A concise presentation of public services, the provision of support for the verification of eligibility requirements and the provision of information for a more efficient use of public funds – these are the objectives of the transparency database. However, the auditors of the Austrian Court of Audit (ACA) note in the follow-up report "Transparency Database – Costs and Benefits, Targets and Target Achievement", which was published today, that the Federal Ministry of Finance still had no overview of how many reportable services had not been entered into the transparency database in the audited years – 2015 to May 2020.
The provinces recorded their services in the transparency database based on the agreement according to Article 15a of the Federal Constitutional Law. There was, however, no legal obligation to also report the corresponding payments. The provinces transferred, to varying degrees, payment data to the transparency database: Upper Austria has entered data since 2017, Lower Austria and Tyrol since 2018, Vorarlberg since 2019. In the period of 2015 to 2019, 50 per cent of the provinces’ notifications – overall EUR 4.780 billion – were made by Upper Austria. The provinces of Burgenland, Carinthia and Vienna together reported three per cent of the payments. In practical terms, the municipalities did not make any voluntary notifications.
In its follow-up report, the ACA highlights that one of the main benefits of the transparency database, namely an overview of public services (in particular support schemes) across all levels of government, could not be achieved without a complete reporting of payments by the provinces and municipalities. The auditors therefore reiterate their recommendation to the Federal Ministry of Finance to request, at least on an annual basis, a declaration of completeness from the federal ministries and the provinces to improve the completeness of the notifications and the overview of incomplete data. They should explicitly indicate and justify lacking services and lacking notifications.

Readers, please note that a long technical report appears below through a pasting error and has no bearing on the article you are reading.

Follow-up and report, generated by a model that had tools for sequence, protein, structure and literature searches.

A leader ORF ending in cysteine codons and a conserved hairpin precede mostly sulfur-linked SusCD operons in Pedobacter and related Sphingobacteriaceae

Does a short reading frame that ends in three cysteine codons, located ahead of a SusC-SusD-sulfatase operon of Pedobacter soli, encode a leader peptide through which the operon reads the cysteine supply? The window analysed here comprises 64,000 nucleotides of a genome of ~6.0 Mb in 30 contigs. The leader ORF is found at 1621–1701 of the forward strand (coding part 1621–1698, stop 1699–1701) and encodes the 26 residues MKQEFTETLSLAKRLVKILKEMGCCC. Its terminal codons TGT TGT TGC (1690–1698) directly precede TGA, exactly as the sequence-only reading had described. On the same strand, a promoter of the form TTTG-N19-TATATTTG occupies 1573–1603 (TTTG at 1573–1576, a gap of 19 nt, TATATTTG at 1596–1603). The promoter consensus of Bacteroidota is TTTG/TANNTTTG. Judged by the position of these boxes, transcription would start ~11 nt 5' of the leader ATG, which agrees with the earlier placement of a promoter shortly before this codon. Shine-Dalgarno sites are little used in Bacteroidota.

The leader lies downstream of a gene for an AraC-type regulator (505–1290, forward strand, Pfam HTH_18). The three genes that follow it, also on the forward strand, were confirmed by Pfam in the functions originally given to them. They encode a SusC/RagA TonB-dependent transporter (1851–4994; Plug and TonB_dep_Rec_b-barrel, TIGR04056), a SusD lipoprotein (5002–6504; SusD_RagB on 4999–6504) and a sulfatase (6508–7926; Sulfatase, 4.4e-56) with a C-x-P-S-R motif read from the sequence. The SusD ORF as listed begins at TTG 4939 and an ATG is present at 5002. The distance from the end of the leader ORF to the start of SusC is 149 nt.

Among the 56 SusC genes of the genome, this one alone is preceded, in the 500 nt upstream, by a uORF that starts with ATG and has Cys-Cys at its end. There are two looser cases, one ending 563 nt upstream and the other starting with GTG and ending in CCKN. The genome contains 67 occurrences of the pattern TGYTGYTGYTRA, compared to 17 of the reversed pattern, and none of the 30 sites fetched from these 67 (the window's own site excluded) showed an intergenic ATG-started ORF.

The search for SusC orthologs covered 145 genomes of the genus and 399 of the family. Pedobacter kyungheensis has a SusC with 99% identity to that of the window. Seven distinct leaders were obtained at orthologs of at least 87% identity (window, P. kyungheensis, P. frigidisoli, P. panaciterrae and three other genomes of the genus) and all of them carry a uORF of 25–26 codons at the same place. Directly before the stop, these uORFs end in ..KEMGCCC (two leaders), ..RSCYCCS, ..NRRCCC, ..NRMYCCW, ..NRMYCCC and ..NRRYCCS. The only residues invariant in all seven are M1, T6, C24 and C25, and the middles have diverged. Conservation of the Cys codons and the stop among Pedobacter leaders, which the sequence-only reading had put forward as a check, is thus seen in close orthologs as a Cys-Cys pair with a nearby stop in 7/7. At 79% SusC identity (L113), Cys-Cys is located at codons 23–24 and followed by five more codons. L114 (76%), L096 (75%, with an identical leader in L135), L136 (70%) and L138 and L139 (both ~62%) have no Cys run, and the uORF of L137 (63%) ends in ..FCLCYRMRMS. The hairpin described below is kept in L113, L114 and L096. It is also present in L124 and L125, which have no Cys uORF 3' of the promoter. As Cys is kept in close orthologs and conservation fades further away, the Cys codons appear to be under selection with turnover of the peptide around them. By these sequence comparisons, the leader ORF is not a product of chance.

ACA recommends a clarification of competences
In its preceding report, the ACA pointed to the fact that both the Federation as well as the provinces had the competence to issue regulations regarding the transparency database. However, a legal basis defining the competences for establishing a transparency database across all levels of government was lacking. No uniform notification requirements have been established for the Federal Government, the provinces and the municipalities. The Federal Ministry of Finance took steps to prepare an inclusion of the transparency database in the Federal Constitutional Law. However, at the time of the follow-up audit, no corresponding draft legislation was available. The ACA therefore upholds its recommendations issued to the Federal Ministry of Finance to advocate for a constitutional provision to clarify the competences as regards the transparency database and to prepare a corresponding draft law.
Of 22 assessed recommendations, the Federal Ministry of Finance implemented 13 fully, five partly and four not at all.
The ACA also published two other follow-up reports today: "Corruption Prevention Systems in Selected Federal Ministries" (in German) and "IT Project ZEPTA of the Pension Insurance Institutions and the Subsequent Standard Product ePV“ (in German).
Overall, 80 per cent of the assessed recommendations were implemented either fully or partly. The ACA creates an impact.
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Report: Transparency Database – Costs and Benefits, Targets and Target Achievement; Follow-up Audit (in German)
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Report: Corruption Prevention Systems in Selected Federal Ministries; Follow-up Audit (in German)
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